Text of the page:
David Soucie: Absolutely, absolutely. And understand your own familiarization, understand your own skill sets and don’t try to carry those skill sets into other environments.
Jason Hartman: Here’s one question for you. There seems to be in the last ten years, a lot of variety and advancement in general aviation. Of course the glass cockpit has been a major revolution, but in addition to that a lot of new planes in the works that are really interesting. Planes that are convertible to cars, that are towable on cars, where the wings fold in. just some really cool stuff. I think Samson Industries has one that they’re working on, Cirrus was the first one I think to do the parachute. There’s just some interesting stuff. The very light jet category, the sport pilot license or recreational pilot license which is like 25 hours. That one’s a little scary to me because 45 seems pretty low. But those are all I guess two-seater planes, by the way. So you can’t do as much with them. But any thoughts on the new products, the new licensing, anything like that?
David Soucie: I think it’s exciting. This time right now is exciting. There are new airplanes coming out. The VLJ, the very light jet category is something I think is really exciting. And I know Honda Jet’s coming out with one soon and a few others as well. So I’m really excited about that category. What I am concerned about is the level of automation in the cockpit. And we deal with this in the commercial world and now we’re having to deal with it in the general aviation world as well. And that’s that I believe that these automated cockpits that they have, where the oil pressure indicator, if you have low oil pressure, you don’t see anything on your glass cockpit until that oil pressure is low and it pops up in front of your face. So it’s kind of automated, it kind of tells you what to look at in other words.
Jason Hartman: Judging from the reliability of my own computer, I really worry about that.
David Soucie: Exactly, exactly. Good point. What I worry about too, going back to this idea, is that the mentality that you rely on that computer so much that you stop thinking, you stop thinking about things. And I’m worried that the automatic cockpit is creating an automatic pilot, where we’re not really thinking, we’re just reacting to what it is the computer is telling us to react to. So I’m a little concerned about that.
But as far as the availability of flying and be able to go out…and people don’t know much about this sport pilot license but it’s something anybody can get and it’s cheap to get and the airplanes that you fly are cheap. If you really like to fly and you thought you always wanted to fly, it’s a great opportunity for you to do it. You don’t have to do as extensive a medical exam, you don’t have to have a medical even to do it and be a sport pilot. It’s very exciting that that’s available. I just wish that the FAA and everyone would make people more aware of it.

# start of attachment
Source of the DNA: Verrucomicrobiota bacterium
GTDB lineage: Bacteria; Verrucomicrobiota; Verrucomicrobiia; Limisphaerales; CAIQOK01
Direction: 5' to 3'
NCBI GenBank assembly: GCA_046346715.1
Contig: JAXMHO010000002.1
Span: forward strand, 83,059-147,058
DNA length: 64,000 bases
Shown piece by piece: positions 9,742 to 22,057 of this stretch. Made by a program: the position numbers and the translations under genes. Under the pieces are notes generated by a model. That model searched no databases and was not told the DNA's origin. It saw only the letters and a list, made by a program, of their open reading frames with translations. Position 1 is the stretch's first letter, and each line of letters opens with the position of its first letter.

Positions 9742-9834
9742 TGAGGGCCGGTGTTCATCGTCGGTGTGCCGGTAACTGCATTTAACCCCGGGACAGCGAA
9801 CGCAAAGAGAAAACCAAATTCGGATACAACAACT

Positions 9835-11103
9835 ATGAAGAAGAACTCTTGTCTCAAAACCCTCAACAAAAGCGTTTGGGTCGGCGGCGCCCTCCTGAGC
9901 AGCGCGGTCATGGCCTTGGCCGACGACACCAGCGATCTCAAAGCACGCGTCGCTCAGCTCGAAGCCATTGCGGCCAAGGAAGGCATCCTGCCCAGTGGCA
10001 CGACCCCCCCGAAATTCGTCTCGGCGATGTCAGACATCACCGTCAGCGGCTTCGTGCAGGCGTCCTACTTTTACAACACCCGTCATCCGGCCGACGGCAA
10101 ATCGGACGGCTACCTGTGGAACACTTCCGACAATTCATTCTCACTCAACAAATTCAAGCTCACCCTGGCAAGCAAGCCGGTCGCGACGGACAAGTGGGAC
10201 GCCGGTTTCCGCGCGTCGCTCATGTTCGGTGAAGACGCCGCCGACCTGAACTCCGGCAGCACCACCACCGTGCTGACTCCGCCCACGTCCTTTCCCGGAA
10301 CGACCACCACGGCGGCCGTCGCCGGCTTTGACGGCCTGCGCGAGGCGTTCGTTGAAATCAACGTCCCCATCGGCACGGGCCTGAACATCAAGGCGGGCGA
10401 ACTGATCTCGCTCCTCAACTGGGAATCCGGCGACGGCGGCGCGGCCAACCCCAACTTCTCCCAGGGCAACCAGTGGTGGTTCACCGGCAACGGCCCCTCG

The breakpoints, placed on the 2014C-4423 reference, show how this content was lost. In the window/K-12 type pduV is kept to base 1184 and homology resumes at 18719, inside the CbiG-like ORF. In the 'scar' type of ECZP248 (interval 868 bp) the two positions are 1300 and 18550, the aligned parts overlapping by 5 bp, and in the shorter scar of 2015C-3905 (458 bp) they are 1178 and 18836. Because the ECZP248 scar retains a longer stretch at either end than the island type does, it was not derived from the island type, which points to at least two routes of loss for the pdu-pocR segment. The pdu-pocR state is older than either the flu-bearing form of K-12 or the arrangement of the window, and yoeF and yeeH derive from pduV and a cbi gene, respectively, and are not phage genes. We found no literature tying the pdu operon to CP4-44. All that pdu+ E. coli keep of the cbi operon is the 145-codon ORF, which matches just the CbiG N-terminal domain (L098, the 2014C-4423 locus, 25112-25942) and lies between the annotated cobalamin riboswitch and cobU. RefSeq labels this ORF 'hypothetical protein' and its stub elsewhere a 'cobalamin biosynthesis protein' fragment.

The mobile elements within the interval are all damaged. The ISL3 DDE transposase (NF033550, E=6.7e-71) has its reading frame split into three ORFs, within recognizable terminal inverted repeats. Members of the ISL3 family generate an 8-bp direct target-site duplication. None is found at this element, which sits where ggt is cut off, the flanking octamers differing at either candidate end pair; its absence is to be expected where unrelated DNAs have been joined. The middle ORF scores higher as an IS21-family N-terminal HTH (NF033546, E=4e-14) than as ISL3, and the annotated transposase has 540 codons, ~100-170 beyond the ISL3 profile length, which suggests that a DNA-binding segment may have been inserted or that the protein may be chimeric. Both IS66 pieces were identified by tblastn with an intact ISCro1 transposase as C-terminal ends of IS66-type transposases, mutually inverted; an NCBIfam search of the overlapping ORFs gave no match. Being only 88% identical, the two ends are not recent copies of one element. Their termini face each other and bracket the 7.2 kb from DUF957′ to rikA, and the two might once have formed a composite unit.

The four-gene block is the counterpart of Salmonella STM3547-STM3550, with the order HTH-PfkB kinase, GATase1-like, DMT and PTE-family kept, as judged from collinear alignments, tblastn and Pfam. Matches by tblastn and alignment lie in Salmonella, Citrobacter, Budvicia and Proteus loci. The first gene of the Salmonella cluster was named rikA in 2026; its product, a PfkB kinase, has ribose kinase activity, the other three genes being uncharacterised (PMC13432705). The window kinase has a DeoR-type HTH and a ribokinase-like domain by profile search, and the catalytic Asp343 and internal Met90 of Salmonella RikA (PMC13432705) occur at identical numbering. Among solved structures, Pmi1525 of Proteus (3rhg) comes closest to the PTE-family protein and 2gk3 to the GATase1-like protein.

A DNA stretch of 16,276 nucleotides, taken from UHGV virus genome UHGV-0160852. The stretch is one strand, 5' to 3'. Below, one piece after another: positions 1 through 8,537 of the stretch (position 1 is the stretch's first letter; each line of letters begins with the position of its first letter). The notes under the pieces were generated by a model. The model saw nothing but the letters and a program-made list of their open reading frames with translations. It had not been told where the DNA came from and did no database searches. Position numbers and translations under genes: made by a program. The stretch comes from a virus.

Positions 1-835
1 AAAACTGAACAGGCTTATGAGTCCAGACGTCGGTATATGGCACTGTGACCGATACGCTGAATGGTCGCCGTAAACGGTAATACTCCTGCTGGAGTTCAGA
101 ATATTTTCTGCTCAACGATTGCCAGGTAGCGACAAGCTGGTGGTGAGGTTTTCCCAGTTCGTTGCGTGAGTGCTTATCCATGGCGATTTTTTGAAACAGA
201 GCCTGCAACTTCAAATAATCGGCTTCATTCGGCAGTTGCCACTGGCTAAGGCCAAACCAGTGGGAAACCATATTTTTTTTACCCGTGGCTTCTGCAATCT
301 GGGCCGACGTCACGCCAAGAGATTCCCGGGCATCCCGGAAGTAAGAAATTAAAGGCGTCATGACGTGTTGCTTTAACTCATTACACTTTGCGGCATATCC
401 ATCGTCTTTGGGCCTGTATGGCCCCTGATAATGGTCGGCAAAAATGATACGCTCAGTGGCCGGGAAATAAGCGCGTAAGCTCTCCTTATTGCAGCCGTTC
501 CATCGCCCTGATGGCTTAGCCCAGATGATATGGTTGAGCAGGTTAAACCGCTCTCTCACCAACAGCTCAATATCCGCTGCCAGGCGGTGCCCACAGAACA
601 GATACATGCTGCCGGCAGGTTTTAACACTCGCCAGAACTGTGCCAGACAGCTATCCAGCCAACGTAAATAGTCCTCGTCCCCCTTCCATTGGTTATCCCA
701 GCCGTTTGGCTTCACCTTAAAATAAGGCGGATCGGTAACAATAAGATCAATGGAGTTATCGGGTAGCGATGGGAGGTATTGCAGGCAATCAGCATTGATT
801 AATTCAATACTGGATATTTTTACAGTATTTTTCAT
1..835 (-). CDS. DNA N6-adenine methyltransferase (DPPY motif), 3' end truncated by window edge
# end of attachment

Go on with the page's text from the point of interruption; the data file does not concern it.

Jason Hartman: Good stuff. Well hey, give out your website Dave, and tell people where they can learn more and buy the book.
David Soucie: Okay, great. It’s just www.WhyPlanesCrash.com or a better site to go would be just to go to the Amazon and when you order the book, there’s a lot of information about where lectures I might be giving around the country are and what’s going on there. And I’m doing lectures about thinking now. I started my next book – it’s already on its way. It’s called Dare to Repair your Thinking. And it really has more to do with the way we think and about risks and threats and hazards and how we process those. It doesn’t have a whole lot about aviation, but it does have to do with how we think and how we defend ourselves against threats that we may not see.
Jason Hartman: Good stuff. Well when your new book comes out give us a call and let’s have you back on the show to talk about how we think and how we asses risks. That’ll be a great topic. Thank you so much David. Appreciate you joining us.
David Soucie: Alright, thank you so much. Have a good day.
Narrator: Thank you for joining us today for the Holistic Survival Show. Protecting the people, places and profits you care about in uncertain times. Be sure to listen to our Creating Wealth Show, which focuses on exploiting the financial and wealth creation opportunities in today’s economy. Learn more at www.JasonHartman.com or search “Jason Hartman” on iTunes.
This show is produced by the Hartman Media Company, offering very general guidelines and information. Opinions of guests are their own, and none of the content should be considered individual advice. If you require personalized advice, please consult an appropriate professional. Information deemed reliable, but not guaranteed. (Image: Flickr | Aero Icarus)
Transcribed by Ralph